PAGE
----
Farmland is Not Somewhere Else

by Bill Duesing

First broadcast on WSHU/WSUF-FM, January 16, 1998

Of all the resources our society is recklessly squandering without regard for the future, productive farmland is one of the most critical. Farms are the places where green plants capture the solar energy that we need to feed ourselves. Every acre of land that is developed or paved reduces our capacity to grow food. It often also raises local taxes, dramatically alters the landscape, and reduces biodiversity.

As I write, I can see through the leafless trees to the other side of the valley where former hayfields are newly dotted with enormous houses. When I moved here, and until about a decade ago, those fields were cut for hay. It wasn't so long before that the cows grazing and crops grown on those fields were important to a farmer's livelihood and the town's food supply.

If you ask the people in those big, ugly houses what they're going to eat, they'd probably answer: "Our food will come from 'somewhere else'," or maybe, "It will come from the supermarket."

Their answers illustrate the collective denial which allows our town's excellent farmland to be more or less continuously consumed by upscale housing developments, industrial zones and now, the newest threat - a residential golf course.

So, if not from our former farming town, then where will they get their food?

Unfortunately, that "somewhere else" attitude seems to prevail nearly everywhere. I've seen it in changes occurring all over the Northeast, in Texas, Minnesota, Maryland, and in North Carolina. Everywhere we travel, the farms are overrun with big ugly houses, enormous windowless stores, malls and endless asphalt.

The American Farmland Trust confirms this impression. It reports that the US loses one million acres of fertile farmland every year to urban sprawl. Much of this is the most productive land near cities, where small farms once grew high-value fruits and vegetables for local consumption. The Trust also notes that two billion tons of fertile topsoil are lost every year to erosion.

Last fall, Cornell University entomologist David Pimentel released his study entitled "Food Production Threatened by US Population Growth." He found that every year, two million acres of farmland are lost to erosion and unsustainable agricultural practices, in addition to the one million acres consumed by sprawl. Dr. Pimentel notes that the US already has the third largest population on Earth, and that for each additional person, we lose one acre of farmland. Every week, the US gains over 55,000 people and loses over 55,000 acres of farmland.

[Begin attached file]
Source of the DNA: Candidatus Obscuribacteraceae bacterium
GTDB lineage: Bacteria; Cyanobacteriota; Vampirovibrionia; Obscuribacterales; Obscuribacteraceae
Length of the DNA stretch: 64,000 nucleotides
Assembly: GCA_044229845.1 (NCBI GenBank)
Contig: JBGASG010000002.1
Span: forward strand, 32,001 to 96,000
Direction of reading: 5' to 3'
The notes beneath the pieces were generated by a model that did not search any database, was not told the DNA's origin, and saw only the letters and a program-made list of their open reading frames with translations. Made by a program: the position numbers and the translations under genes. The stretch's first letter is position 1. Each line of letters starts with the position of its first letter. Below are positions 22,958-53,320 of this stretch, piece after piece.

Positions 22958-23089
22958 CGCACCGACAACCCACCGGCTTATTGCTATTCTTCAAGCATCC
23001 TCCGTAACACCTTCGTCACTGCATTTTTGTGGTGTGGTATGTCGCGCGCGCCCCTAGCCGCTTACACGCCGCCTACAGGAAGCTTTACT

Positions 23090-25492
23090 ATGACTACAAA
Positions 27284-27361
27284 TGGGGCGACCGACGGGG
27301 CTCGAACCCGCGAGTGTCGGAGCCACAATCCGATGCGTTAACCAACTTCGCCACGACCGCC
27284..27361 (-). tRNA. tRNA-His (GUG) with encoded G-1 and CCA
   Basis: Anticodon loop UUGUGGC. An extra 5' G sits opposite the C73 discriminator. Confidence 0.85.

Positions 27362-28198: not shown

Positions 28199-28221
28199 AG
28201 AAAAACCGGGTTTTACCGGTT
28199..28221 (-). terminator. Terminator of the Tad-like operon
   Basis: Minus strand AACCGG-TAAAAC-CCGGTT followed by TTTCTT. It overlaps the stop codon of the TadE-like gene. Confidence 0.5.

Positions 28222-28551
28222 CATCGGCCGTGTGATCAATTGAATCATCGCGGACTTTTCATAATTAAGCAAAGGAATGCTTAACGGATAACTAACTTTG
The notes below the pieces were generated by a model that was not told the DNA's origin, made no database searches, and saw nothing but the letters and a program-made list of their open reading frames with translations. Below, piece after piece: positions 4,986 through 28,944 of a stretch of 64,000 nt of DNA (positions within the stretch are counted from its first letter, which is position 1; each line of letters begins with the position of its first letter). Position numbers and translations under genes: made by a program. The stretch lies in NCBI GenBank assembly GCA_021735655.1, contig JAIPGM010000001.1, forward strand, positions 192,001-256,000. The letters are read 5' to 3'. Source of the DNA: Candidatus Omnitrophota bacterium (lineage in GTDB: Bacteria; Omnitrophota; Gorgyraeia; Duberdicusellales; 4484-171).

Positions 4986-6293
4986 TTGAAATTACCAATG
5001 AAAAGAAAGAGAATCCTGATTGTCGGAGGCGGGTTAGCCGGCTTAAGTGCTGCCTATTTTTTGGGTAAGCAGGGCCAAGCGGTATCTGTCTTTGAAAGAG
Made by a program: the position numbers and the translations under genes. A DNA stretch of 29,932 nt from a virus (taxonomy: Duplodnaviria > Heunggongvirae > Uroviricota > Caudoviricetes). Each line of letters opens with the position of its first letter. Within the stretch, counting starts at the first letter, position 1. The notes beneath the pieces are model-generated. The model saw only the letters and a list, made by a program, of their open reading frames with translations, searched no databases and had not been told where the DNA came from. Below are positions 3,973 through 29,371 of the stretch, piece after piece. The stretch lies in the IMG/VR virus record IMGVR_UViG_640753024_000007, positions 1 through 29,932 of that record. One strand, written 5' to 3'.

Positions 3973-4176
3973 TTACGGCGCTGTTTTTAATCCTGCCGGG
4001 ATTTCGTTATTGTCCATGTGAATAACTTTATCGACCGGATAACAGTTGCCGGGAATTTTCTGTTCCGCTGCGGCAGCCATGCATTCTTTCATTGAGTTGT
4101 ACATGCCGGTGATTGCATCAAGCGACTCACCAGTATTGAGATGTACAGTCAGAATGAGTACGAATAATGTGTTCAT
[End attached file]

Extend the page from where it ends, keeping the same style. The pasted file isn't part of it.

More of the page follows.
Maybe that "somewhere else" is overseas. However, last year National Public Radio reported on the conversion of 200 square miles of Chinese farmland to an industrial zone where American luxury cars are built. Meanwhile, the displaced farmers wash cars in the city to earn money for their families back home.

And, in a recently-released report, researchers at John Hopkins University warn of food shortages as global population grows. Worldwide, an area larger than the US and Mexico combined has suffered moderate to severe soil degradation. This study found that within 50 years, North America will have to increase its food production by 30 percent just to feed its projected population. By then, at the current rate, the US will have lost one-third of its present farmland.

This report also discusses the problem with food distribution. Even today, although enough food is grown to feed all six billion humans on the planet, two billion of us are malnourished, and 50,000 people, mostly children, die every day from starvation, malnutrition and related causes. (In 1990, the daily toll from these causes was "only" 35,000 people. Now, just seven years later, 50,000 people die every day. We're obviously going in the wrong direction.)

There are clearly population-growth and food-distribution problems which can't be solved by saving farmland. However, the more acres of productive land we lose, the worse those other problems become.

The stark reality is that globally, there is only one-half of an acre of cropland per person. Besides abusing the land, we've also polluted and over-fished the waters nearly everywhere. So, unless we want to eat the products of a chemical factory, or, as some suggest, eat food produced from garbage or oil by genetically-engineered organisms, we need land to grow our food.

We should value all of our potentially-productive land for humans' long-term survival, beginning with the land in our own yards and in our towns.

The notion that our food will come from "somewhere else" is a very dangerous fantasy.

This is Bill Duesing, Living on the Earth

This page and its contents are copyright © 1998 by WSHU-FM, Fairfield, CT, and by Bill Duesing.